Let’s look an a common car-buying scenario
You need a new vehicle, and you’ve settled on what feels like a nice safe choice: a Toyota Corolla. You want something recent but not too pricey, so you’re shopping the 2017 model. At time of writing, that gives you almost 30 options in your area. How do you pick?
The obvious answer is to make some comparisons. You might set up a spreadsheet if you’re feeling extra organized, comparing the big selling points for each option: price, miles, trim level, key features, warranties, any fees you can find. If you’re really diligent, you might call each dealership to get a trade-in quote for your current vehicle, and add that to the mix too, if they give it to you. Then you can weed out cars that don’t meet your criteria and pick the cheapest option left on the list.
That might seem like a thorough, fair, and objective review process. In fact, it’s a great way to end up with an overpriced car in poor condition.
Here’s the problem
You don’t really know how much these cars cost or what condition they’re really in. One car on your list might only be available with dealer financing that’ll cost you an extra $2,000 over four years. One might have been shipped over from Montreal, where the salty winter roads corroded the undercarriage. Another might have been in an unreported accident. Yet another might have none of those problems, but cost an extra $1,200 up-front. Which is the right choice?
The list of things you don’t know is longer than you probably realize. Here’s a very partial list:
- Was the car driven in a wet or dry climate?
- Did the previous owner provide the required maintenance?
- Have all accidents actually been reported?
- How worn-down are the brakes, tires, wipers, and other crucial components?
- What’s the mechanical condition of out-of-sight components like the chassis and engine?
- Did previous owners smoke in the car?
- Did previous owners have kids?
- Is touch-up paintwork hiding scratches that will eventually need to be repaired?
- When was the last oil change?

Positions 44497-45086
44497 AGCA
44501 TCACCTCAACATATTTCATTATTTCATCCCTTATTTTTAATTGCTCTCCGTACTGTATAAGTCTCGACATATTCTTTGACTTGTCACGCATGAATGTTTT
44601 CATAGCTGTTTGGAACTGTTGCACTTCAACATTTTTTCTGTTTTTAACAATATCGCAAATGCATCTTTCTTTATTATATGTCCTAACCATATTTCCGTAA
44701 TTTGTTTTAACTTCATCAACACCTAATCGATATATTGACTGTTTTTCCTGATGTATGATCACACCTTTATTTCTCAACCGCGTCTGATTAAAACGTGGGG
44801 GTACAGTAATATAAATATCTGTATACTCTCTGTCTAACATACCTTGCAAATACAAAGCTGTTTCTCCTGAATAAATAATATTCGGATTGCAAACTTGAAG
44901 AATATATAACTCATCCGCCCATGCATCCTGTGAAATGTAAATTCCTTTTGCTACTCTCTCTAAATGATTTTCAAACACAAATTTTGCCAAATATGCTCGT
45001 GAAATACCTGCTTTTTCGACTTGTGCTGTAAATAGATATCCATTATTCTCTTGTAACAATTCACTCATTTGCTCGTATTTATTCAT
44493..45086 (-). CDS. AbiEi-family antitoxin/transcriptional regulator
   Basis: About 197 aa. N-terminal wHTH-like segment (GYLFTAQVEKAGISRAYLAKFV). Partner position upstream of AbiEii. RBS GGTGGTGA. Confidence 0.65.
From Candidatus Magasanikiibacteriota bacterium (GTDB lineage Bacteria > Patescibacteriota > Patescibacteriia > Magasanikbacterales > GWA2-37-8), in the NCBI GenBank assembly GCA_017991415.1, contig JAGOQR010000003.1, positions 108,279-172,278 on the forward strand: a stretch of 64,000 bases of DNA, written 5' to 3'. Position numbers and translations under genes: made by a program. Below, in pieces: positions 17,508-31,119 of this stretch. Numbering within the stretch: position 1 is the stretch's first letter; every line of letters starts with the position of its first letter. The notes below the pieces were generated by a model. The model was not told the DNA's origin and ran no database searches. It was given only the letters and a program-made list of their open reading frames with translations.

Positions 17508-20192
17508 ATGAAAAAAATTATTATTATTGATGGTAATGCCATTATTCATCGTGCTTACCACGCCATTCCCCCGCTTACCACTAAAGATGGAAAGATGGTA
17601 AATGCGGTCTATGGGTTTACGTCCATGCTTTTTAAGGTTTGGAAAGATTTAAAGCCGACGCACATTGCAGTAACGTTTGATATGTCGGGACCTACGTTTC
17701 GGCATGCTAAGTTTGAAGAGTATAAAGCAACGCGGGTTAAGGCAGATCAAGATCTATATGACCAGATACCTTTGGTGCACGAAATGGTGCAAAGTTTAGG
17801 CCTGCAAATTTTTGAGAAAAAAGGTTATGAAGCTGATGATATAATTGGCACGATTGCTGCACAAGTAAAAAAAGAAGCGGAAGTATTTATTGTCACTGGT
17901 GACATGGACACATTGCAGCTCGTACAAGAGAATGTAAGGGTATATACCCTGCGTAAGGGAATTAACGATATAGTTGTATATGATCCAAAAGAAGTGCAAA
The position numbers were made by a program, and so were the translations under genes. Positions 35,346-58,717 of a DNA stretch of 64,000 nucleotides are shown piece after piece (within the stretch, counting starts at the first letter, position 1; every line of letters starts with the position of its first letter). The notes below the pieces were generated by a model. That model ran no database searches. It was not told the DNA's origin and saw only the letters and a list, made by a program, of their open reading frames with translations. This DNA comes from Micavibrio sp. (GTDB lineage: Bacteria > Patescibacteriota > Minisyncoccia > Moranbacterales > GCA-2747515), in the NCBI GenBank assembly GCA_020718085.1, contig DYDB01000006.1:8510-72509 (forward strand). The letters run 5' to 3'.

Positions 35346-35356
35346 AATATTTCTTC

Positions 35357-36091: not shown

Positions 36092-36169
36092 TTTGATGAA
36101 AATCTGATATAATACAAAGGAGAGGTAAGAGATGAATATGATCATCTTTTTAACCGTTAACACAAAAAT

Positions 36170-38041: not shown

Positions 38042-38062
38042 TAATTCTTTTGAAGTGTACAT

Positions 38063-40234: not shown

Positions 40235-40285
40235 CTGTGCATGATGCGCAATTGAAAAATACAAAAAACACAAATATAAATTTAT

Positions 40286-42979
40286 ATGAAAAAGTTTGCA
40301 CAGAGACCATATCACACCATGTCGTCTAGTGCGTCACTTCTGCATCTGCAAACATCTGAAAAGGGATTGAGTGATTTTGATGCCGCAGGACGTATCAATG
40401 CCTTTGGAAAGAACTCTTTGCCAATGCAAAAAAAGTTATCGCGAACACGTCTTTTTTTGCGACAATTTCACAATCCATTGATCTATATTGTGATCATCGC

- Does the car have a salvage title? (These can easily be obscured for cars imported from some other countries, such as Canada.)
And all of that is just the beginning
You are already a situation where you’re looking only at cars of the same year, make, and model, with the same number of miles on them and the same trim level. It all gets much more complicated when you expand the search—is a $1,000 price increase worth it to move from a Honda CRV to a Toyota RAV4? If both have been in a minor accident, which model tends to handle that better? And so on. Consumers simply don’t have access to these crucial pieces of information, even though they all affect the car’s roadworthiness, performance, value, and lifetime cost.
Then there’s out-the-door price
First, you need to know that list prices online are almost never accurate. Dealerships are free to change prices between listing and selling, and they have a long list of manipulative tactics they can use to obscure the real prices they’re charging you. The combination of financing restrictions, hidden and last-minute fees, service deals and required warranties, manipulated trade-in values, and manipulated sticker prices can easily add up to thousands of dollars…and, again, consumers simply don’t have any reliable means of collecting and comparing all of that information.
You’re actually comparing Apples to Oranges
The upshot here is unfortunate: no list of cars you put together will be a fair, accurate, level comparison. You’ll always be comparing apples and oranges in one way or another. What this means is that drawing up comparisons based on the listings you find online is a surefire way to let dealerships control the buying process. That’s the first big piece of the House Edge —the advantage dealerships have over their customers. In order to deal with it, you’ll need a fundamentally different way to shop, one that involves working with a trustworthy dealership that can give you access to genuine condition reports. Read more about that here.